Management of Accounts Payable

Accounts payable are the amounts that are due to the suppliers of goods and services to the business. For example, a furniture chain buys its raw material from various suppliers on credit. Accounts payable arise from trade credit, which is an important portion of working capital.  It works in favor of both the buyer and the supplier. The buyer is able to get short-term financing from the seller itself. The seller, by offering credit for purchase, is able to push its product and build relationship with the buyer.

When an item is purchased on credit, the seller will usually specify a period within which the payment should be made. The seller may also provide a discount if the buyer is willing to make an early payment.  The terms of the trade credit will specify these details. For example, the terms “2/10, net 60” indicate that the buyer will get a 2% discount if he makes the payment within 10 days of purchase. If the buyer doesn’t want to make use of the discount period, then the payment will be due within 60 days. These credit terms differ across industries and also depend on competition, economic conditions, prevailing interest rates, etc.

Just like inventory and accounts receivables, it is important for a firm to manage its accounts payable effectively. If the accounts payable are paid too early, then it is unnecessarily using its cash, which could have been utilized elsewhere (opportunity cost). However, if it delays too much in making payments beyond payment due date, it may spoil its relationship with the suppliers, which will lead to stricter credit terms in the future. Some suppliers may also charge interest if payments are made beyond due dates.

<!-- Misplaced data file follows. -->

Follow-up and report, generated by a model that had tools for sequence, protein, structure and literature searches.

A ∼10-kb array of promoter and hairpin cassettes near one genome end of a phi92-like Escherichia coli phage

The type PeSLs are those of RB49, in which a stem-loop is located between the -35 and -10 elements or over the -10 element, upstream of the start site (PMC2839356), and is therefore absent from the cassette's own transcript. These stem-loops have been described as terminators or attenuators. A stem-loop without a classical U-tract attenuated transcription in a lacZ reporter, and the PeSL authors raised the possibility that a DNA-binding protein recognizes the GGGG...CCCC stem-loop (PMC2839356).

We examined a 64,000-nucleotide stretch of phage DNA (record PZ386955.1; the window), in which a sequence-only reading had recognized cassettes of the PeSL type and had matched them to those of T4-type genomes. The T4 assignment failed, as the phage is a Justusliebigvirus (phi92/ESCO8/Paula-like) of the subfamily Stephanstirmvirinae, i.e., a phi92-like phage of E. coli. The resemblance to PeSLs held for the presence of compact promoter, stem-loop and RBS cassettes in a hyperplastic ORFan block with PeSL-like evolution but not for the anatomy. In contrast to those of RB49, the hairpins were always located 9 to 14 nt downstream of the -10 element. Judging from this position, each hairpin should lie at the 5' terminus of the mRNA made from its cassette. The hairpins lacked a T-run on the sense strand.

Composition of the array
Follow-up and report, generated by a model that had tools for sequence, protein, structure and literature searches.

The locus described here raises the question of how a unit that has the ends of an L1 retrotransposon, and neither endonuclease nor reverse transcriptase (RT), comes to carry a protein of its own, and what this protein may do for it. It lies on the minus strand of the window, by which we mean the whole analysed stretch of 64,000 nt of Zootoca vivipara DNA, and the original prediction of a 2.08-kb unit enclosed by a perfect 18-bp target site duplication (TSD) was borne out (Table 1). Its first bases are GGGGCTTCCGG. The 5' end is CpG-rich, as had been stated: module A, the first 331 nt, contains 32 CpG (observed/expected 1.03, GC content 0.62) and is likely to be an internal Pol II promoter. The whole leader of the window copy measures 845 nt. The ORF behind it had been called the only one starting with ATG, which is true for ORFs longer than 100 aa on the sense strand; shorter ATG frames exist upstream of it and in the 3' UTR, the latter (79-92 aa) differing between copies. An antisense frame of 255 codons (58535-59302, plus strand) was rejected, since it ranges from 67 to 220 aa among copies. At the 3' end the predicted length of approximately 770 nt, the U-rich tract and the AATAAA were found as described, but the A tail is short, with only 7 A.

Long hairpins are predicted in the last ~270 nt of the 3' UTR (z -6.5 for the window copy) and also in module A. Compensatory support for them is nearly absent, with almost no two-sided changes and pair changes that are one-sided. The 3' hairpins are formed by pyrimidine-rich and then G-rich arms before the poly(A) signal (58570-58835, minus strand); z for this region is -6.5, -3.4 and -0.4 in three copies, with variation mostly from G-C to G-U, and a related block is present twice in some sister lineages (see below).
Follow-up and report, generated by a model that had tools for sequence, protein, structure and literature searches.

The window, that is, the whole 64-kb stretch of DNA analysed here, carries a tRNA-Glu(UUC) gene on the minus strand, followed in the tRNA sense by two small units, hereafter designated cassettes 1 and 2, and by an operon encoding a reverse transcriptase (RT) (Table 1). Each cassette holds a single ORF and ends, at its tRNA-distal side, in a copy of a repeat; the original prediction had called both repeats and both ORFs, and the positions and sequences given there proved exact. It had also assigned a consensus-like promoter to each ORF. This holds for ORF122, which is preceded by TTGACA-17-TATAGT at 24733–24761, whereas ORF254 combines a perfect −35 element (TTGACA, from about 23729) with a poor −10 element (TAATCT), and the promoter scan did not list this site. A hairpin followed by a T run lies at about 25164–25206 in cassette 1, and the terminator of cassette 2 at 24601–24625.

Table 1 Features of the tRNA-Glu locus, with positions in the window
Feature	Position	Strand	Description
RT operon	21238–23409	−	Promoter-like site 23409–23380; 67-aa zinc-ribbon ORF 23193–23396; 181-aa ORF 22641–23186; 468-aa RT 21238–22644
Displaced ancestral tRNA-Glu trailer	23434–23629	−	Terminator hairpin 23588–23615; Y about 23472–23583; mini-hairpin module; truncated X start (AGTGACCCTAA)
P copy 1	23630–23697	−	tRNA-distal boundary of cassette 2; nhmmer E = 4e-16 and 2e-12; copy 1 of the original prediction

In order to ensure that the company manages its accounts payables effectively, it needs to have a formal guideline or policy in place. Such a policy will address several factors that will help them streamline the processes and bring transparency to the whole system. Some of the factors are listed below:

  1. Whether payables are handled from a centralized location or decentralized.
  2. Details of the supply chain such as the number, size and location of vendors. For example, a company may restrict buying from vendors that are below a certain size, or it may want to buy only from local vendors.
  3. Details of the trade credit, and the alternative costs of borrowing.
  4. Details of inventory management system as they affect how fast payables can be processed.
  5. Adoption of commerce and electronic payments for improved efficiency.

An important tool used by companies to measure the effectiveness of payables management is the average days of payables outstanding. A short payables period indicates that the company is paying faster. It could be because the company is taking advantage of discounts available for paying early. A long payables period indicates that either the company is a dominant player and can afford to pay late and take advantage of the extra credit period, or it indicates poor payables management or liquidity problems within the company.

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